Chamberlain’s article (and other recent pieces) want to present this kind of weight loss/maintenance as “not practical” or incredibly difficult, requiring extreme sacrifices. Which is true, as far as it goes. The problem is that these difficult sacrifices (impossible for many), even if you can manage to make them, are still NOT GUARANTEED TO WORK,.

    I’m afraid this kind of article still contributes to the “fatties could lose weight if they REALLY wanted” to attitude. But you can absolutely stop losing weight (and even gain it) on a very low calorie diet and high exercise plan. You can try as hard as it is possible to try at this game and still fail.

    Sure, maybe some people will say, “weight loss is harder than I thought, so maybe I’ll be more accepting of fatties/myself”

    I think a lot more people, though, will read it and say, “See, I told you those fatties really are lazy. They could do it if they would only TRY HARDER.”

    (It also bothered me the way she talked about getting more harassment at a size 12 then at 350lbs. If that’s her experience, I don’t doubt her, but her generalizing implications were that 350lb people get harassed less all around because they are somehow “invisible,” which is certainly not my lived or observed experience.)

    • BetsyBluesy–good points. The “more harassment at size 12″ kinda bugged me, too, but I wasn’t quite sure how to address it. Partly because I can’t speak much from my personal experience on that. I haven’t experienced overt weight harassment from strangers myself for whatever reason. And I’ve also never been as big as she was. My only experiences are as size 12 (but only in high school), size 14, and size 16. As far as general attention from men, there doesn’t seem to be much of a pattern, honestly.

      And yes, I think that there will always be people who think that, no matter how hard it is, if it’s possible to lose weight, that should be every single person’s #1 priority. It’s not even possible for everyone. And if people like that learn that, and it means less fat-hate out there, great. On the other hand, though, I think someone who will only “allow” us to be fat if it’s flat-out impossible rather than impractical is really not a reasonable person.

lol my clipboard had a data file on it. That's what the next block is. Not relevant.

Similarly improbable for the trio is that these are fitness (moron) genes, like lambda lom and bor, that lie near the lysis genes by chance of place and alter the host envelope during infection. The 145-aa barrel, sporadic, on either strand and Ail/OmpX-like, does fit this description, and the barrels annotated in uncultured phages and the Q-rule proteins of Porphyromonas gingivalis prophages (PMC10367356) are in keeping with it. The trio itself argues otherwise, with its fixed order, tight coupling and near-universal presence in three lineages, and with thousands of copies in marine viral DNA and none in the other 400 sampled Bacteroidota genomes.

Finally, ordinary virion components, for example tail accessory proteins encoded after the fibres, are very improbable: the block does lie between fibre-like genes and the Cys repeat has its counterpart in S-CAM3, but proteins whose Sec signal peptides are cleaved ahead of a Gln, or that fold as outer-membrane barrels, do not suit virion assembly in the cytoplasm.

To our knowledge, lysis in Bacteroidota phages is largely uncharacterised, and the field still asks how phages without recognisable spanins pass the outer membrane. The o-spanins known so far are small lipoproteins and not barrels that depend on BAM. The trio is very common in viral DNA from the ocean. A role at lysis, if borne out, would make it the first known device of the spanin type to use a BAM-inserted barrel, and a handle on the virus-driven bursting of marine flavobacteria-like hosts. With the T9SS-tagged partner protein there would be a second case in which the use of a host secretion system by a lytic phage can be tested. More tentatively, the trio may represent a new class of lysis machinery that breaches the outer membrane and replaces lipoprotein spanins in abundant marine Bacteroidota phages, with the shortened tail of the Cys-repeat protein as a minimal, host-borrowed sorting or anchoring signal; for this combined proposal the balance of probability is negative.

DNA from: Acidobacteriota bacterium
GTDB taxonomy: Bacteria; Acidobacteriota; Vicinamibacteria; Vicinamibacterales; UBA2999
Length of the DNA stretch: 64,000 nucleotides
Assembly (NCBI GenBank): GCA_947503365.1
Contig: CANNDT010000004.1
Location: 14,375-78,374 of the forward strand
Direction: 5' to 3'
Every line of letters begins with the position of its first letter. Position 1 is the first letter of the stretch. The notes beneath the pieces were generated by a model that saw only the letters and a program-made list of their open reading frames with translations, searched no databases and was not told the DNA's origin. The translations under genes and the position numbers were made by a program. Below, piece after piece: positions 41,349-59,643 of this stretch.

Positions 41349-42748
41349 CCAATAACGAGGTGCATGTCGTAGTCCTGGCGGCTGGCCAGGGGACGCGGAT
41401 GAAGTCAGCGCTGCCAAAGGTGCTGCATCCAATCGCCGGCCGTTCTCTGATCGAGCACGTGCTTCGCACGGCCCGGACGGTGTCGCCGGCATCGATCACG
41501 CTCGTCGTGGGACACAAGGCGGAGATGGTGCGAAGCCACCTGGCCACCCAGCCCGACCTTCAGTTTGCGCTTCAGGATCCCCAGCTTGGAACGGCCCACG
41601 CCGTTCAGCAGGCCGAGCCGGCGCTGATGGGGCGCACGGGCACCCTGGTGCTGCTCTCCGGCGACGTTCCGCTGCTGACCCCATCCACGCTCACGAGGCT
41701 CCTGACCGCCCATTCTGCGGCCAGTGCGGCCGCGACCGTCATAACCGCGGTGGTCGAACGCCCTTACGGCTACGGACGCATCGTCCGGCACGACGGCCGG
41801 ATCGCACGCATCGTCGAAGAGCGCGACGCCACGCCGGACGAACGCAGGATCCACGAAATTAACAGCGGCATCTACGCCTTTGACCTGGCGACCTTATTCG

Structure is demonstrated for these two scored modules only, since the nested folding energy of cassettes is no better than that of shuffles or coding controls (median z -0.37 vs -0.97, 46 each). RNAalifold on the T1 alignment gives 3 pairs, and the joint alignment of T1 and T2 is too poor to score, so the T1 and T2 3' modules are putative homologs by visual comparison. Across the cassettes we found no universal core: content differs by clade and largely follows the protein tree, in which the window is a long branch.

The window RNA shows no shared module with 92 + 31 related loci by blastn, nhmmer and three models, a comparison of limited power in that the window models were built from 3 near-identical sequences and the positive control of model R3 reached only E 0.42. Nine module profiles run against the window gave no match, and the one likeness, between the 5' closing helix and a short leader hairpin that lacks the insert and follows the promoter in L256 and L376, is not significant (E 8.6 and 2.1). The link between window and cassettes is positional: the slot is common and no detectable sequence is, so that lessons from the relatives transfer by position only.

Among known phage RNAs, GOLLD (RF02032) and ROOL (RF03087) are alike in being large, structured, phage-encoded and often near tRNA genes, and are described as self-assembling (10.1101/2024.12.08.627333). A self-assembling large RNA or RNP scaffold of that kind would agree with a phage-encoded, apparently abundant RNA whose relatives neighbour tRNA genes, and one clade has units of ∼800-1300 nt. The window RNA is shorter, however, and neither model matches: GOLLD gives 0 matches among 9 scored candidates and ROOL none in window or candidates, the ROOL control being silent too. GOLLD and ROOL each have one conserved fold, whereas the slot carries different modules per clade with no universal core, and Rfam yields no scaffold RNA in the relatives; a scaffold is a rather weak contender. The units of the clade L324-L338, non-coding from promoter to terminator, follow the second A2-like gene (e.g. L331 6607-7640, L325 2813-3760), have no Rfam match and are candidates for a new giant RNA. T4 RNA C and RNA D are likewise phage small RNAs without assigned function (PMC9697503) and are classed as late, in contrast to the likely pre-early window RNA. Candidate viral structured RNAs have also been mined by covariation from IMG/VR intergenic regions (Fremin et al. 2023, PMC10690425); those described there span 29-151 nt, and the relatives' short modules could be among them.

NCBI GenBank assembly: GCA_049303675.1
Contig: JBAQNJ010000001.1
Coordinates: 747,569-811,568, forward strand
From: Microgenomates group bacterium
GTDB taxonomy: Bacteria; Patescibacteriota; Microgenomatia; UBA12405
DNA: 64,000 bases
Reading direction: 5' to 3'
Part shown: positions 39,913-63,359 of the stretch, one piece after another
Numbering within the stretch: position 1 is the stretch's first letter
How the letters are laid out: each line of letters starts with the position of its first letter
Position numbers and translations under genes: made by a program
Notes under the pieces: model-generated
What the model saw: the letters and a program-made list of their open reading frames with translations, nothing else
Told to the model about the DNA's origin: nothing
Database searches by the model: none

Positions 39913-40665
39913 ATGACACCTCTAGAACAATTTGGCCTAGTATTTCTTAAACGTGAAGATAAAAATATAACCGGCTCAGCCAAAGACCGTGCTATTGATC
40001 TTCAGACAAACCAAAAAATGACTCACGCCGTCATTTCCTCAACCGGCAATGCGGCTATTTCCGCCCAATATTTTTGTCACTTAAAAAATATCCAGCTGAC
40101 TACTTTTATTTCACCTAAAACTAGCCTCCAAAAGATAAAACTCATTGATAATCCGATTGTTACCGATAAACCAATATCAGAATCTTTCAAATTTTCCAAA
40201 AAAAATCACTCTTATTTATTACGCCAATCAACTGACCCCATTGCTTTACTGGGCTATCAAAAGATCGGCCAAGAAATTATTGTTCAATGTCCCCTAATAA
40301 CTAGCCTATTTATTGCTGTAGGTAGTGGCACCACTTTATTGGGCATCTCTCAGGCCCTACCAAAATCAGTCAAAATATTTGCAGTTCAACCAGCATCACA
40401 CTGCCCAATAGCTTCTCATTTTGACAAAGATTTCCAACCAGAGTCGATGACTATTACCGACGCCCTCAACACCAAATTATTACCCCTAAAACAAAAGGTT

3. G says:

    I wound up reading some of Chamberlain’s blog and spending time mulling it all over and having a lot of feels about it.

    Maybe it’s from years of looking for a magic weigh-loss bullet– and here’s this woman who did it. Even if she stands there and says “DON’T DO WHAT I DID IT’S BAD” we still see someone who ‘succeeded’, right? She put weight loss ahead of her health, and it worked.

    A part of me loves reading the maintainer blogs like DebraSY’s and Chamberlain’s. (An unhappy part.) It’s another stick to beat myself up with. “See these people? Weight loss is really hard, but if you had enough self-control you could do it.” No matter how much they qualify it with “This is miserable, don’t do it” I still wind up admiring/envying them.

    See? Lots of feels.

    • I guess this is where my never-exactly-dieting past helps out, or maybe my contrarian and fatalistic tendencies. Sometimes I feel resentful reading stuff like that*, and sometimes I just feel like, “Ha ha, SUCKERS! I just ate some pie!” Nothing personal, if any of you guys are reading. :) But I actually feel lucky in some ways that I’m not driven to do that stuff.

      I guess part of me also feels like, “Wow, I could never be motivated enough to do that.” But somehow I don’t end up ruminating on that too much. Maybe the fatalism again? Maybe the tendency to see pursuit of appearance-related goals as frivolous? (Which probably comes from both Puritanical and misogynist memes… but does that necessarily mean they’re wrong?)

      I don’t suppose it would help if I said, “Stop beating yourself up”? Maybe it would help to look at it this way: if you don’t have the “self-control” to live like that, it means that it’s not worth it to you. In the end, you are making a choice not to do it. And if it’s the choice you’re making, then it’s probably the best choice for you. It’s no more unreasonable than liking ponies, but realizing that you don’t really want a pony because it’s not worth having to buy a house in the country and muck out the stalls and commit to riding it every day. (I think I stole that analogy from a commenter at Alas, A Blog.) I’m not very good at helping with this kind of thing, and I’m not sure if you want help anyway…

      *Maybe that means I’m envious? It doesn’t feel like it… I think it feels more like, “No, you’re trying to leave the group! We’re not good enough for you?!” And then I remember how crappy people can get treated.

      • G says:

        Yeah, I know it’s mostly irrational! I’m getting better at avoiding these trains of thought but it’s still a rough go some days.

        I like your pony analogy. :)

  4. Michelle says:

    Hey, I was reading a book today and it made me think of you. It’s by Michael Gard, who co-authored an earlier book about the obesity epidemic with Jan Wright. His new book is called The End of the Obesity Epidemic, and he has some good (and some biting) criticisims of both fat acceptance and obesity science. Really interesting stuff. It’s priced like a textbook, but my library has it.

  5. Pingback: Is Fat Acceptance Skepticism or Denialism? Contrasting FA, FL, and HAES with Climate Change Denialism | closetpuritan